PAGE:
The subject of overtourism is prominent in the press and preoccupies many specialists of the tourism industry, but especially the locals of the countries visited.
In this journal article we aim to give an overview of the topic – with voices from our network and beyond.
What does Overtourism mean?
So far there have been few definitions of the keyword “overtourism”. British journalist Greg Dickinson has submitted an explanation to the Collins Dictionary, which reads: “[Overtourism is] the phenomenon of a popular destination or sight being overrun by tourists in an unsustainable way”. Dickinson also found out that the search queries for this term have enormously increased since autumn 2017 and suggests “overtourism”, in an article in the British Daily The Telegraph as “Word of the Year 2018”.
Why is Overtourism taking place now?
Dickinson quotes the Brookings Institute in his article, that as the global middle class could currently be around 3.7 billion and another 160 million will join the group in the next five years, there are simply more tourists today than ever before. The world is becoming richer, the middle class is growing in developing countries, and many of these people are spending their disposable income on travel. In 2017, international tourist arrivals increased by 7 % to 1.3 billion. The United Nations World Tourism Organization (UNWTO) forecasts further growth for 2018, but at a more sustainable pace of 4-5 %.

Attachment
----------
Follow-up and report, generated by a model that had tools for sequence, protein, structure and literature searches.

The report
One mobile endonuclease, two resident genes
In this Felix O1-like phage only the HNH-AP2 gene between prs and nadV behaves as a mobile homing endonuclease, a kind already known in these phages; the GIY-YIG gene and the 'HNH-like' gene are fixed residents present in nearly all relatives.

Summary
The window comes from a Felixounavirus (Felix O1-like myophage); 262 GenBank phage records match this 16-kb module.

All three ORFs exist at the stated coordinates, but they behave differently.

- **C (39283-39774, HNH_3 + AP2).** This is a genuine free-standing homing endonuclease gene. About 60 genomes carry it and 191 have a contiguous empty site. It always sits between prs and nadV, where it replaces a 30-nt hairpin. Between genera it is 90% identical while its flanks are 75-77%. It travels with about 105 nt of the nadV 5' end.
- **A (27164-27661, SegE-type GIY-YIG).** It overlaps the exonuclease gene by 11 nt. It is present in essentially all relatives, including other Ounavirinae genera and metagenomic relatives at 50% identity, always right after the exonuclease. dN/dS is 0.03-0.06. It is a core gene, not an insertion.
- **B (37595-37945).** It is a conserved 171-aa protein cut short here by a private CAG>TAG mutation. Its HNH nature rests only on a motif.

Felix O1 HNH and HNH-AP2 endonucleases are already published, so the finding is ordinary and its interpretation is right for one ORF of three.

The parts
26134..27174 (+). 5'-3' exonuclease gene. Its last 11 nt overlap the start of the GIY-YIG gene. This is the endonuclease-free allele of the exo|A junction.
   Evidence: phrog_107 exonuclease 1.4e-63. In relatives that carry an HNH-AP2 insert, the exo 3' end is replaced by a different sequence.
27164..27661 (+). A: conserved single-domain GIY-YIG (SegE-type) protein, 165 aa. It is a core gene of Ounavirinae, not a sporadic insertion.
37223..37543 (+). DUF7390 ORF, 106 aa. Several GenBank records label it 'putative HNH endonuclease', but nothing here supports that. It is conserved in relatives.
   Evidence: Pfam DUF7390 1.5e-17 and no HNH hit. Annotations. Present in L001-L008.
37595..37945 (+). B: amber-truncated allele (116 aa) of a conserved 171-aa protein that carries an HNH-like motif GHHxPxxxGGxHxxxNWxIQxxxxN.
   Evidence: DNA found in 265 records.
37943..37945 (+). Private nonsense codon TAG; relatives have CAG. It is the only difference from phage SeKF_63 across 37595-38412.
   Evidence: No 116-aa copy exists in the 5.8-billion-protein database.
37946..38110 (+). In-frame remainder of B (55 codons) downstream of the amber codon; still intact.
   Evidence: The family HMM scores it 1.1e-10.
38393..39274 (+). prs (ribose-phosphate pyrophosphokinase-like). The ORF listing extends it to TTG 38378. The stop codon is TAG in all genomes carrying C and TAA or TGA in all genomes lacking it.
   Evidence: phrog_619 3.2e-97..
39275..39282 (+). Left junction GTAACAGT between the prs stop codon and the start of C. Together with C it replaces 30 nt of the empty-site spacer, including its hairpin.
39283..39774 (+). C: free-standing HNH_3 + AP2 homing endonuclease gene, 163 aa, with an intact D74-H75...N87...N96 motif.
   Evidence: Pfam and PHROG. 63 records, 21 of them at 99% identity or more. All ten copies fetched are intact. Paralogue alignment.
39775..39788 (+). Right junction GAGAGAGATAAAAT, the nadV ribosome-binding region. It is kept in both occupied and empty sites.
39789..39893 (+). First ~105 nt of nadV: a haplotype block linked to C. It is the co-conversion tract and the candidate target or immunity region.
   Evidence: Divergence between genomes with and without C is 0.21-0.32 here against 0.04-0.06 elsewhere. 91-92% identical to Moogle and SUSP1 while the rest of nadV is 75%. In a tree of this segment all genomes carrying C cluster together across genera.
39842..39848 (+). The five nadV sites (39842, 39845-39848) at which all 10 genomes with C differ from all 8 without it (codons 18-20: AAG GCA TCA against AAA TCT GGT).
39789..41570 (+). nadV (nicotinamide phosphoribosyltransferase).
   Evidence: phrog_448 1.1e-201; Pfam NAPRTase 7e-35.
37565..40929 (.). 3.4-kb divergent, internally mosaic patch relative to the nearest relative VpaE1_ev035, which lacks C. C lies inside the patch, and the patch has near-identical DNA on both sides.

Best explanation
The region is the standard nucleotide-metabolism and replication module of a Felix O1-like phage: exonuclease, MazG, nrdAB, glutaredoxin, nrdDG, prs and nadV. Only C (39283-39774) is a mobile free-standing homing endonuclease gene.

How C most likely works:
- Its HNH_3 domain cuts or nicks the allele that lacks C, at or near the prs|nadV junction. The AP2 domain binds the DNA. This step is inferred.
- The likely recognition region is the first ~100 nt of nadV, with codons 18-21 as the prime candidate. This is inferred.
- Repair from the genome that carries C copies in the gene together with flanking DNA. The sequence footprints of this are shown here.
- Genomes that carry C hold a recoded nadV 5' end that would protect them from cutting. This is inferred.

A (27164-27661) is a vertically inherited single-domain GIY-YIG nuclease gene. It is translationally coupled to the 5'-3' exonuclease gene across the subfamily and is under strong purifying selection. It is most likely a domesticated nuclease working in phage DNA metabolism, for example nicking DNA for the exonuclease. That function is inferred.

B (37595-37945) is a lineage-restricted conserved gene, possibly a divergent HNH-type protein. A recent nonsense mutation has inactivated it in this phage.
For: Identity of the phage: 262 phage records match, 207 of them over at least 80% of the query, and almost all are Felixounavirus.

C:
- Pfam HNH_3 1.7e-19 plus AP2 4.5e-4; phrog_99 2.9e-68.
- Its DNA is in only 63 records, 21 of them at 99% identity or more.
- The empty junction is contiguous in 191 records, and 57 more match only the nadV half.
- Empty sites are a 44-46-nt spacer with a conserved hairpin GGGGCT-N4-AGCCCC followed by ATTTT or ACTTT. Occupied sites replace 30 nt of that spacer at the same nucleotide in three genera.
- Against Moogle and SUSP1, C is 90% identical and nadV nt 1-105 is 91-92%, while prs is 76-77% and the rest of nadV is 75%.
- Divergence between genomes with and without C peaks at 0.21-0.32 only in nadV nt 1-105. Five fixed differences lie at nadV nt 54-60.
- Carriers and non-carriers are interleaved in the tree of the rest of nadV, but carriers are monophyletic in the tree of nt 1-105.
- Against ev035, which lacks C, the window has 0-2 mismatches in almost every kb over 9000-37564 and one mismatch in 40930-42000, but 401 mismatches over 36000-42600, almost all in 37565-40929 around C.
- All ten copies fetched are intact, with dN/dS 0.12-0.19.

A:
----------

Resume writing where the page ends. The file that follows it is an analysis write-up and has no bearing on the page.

What’s going wrong?
Due to the mass of tourists, there is a real ‘flooding’ of cities and regions. In particular, the offers of airlines, cruise liner shipping companies and low-cost airlines are strengthening the flows. More and more city centre apartments are being offered to tourists, the local population is being ousted and rental contracts are not being extended in order to make more profit with holiday apartments, as the Spanish film ” Casas sin familias” (with English subtitles) shows the phenomenon very clearly with the example of Barcelona. The cruise liners spit out a huge crowd of people at the same time, storming the landing stage and completely overloading it. Cheap flights are increasing the number of visitors, and weekend visits are becoming possible for more and more people.
“The reasons for this development are certainly multifaceted – and lack of planning and management as well as lack of participation of the population play a role in tourism development,” says tourism expert Cornelia Kühhas of Naturfreunde Internationale – respect to the magazine Lebensart. “One reason, though, is our consumer behaviour. Vacation is increasingly becoming an everyday consumer good, whereas in the past it was commonly perceived as a luxury”.
How do the locals react?
In popular tourist destinations, protests against rising tourist flows are increasing. Venice, Palma de Mallorca, Amsterdam and Barcelona are just a few examples where residents are already taking massive action against visitors, putting up disapproving posters and showing little friendliness to tourists. As the enorm-Magazin correctly writes, the protests also generally reflect the injustices of the sector: unfair wages and little participation of the local population in urban development.